Pay per Head Sportsbooks Favor Player Safety

internet-security-1Pay per head sportsbooks have lines on high impact sports such as football and hockey, in which concussions are of growing concern. Leagues such as the NFL and NHL are slowly changing the rules to lower the risk of injuries to the players, but what about those already injured?

Pay per head
sportsbooks have lines on high impact sports such as football and hockey, in which concussions are of growing concern. Leagues such as the NFL and NHL are slowly changing the rules to lower the risk of injuries to the players, but what about those already injured?

Almost 1000 former NFL players are currently involved in class action lawsuits against the league and last week’s loss of former linebacker Junior Seau only gives more strength to the cases.

In a suit, filed March 23, former Washington Redskins quarterback Mark Rypien and fellow players stated that the NFL failed to educate them for years on the risks associated with suffering repetitive traumatic brain injuries and concussions, and instead ignored and concealed the information.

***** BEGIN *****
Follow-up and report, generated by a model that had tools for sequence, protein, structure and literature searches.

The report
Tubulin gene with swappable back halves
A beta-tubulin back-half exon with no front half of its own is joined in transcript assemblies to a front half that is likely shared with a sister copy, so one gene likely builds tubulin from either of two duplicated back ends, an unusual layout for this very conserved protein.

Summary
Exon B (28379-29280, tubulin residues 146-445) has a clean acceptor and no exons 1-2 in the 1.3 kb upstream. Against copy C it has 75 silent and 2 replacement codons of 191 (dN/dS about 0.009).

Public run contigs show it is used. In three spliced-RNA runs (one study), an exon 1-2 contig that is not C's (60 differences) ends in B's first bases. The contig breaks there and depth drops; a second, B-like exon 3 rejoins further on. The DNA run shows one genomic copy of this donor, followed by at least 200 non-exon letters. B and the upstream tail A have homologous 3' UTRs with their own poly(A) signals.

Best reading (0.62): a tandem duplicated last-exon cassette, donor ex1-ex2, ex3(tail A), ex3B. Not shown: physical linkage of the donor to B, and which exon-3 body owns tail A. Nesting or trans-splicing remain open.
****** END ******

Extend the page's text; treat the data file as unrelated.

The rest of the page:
Seau died of a self inflicted gun shot to the chest, the same manner that Dave Duerson had employed in 2011. Before he died, Seau had apparerently told a friend he was worried he had CTE (chronic traumatic encephalophy), and hoped to donate his brain to be examined.

CTE is a degenerative brain disease that results in behaviors similar to Alzheimer’s disease (AD). However, according to researchers, CTE has a clear environmental cause (repeated brain trauma) rather than a genetic cause. In other words, CTE is the only preventable form of dementia.

Roger Goodell, Commissioner of the NFL, has stated that he wants to reduce the injuries and bump up player safety. The NFL has tightened enforcement of rules that prohibit blows to the head and hits on defenseless players. Teams’ medical staffs now must follow procedures designed to ensure that players are removed from games if they show symptoms of concussion and are fully healed before they return.

In addition, moving kickoffs up 5 yards last season did exactly what the NFL sought, reducing concussions.

Concussions were down 12.5 percent, from 218 in 321 games in 2010 to 190 in 320 games last season. (Because of the player lockout, there wasn’t a Hall of Fame Game last year.)

The move hasn’t seemed to affect the lines at pay per head sportsbooks, who are happy that the safety issued is being addressed, and price per head agents only hope that other leagues take serious consideration of the matter.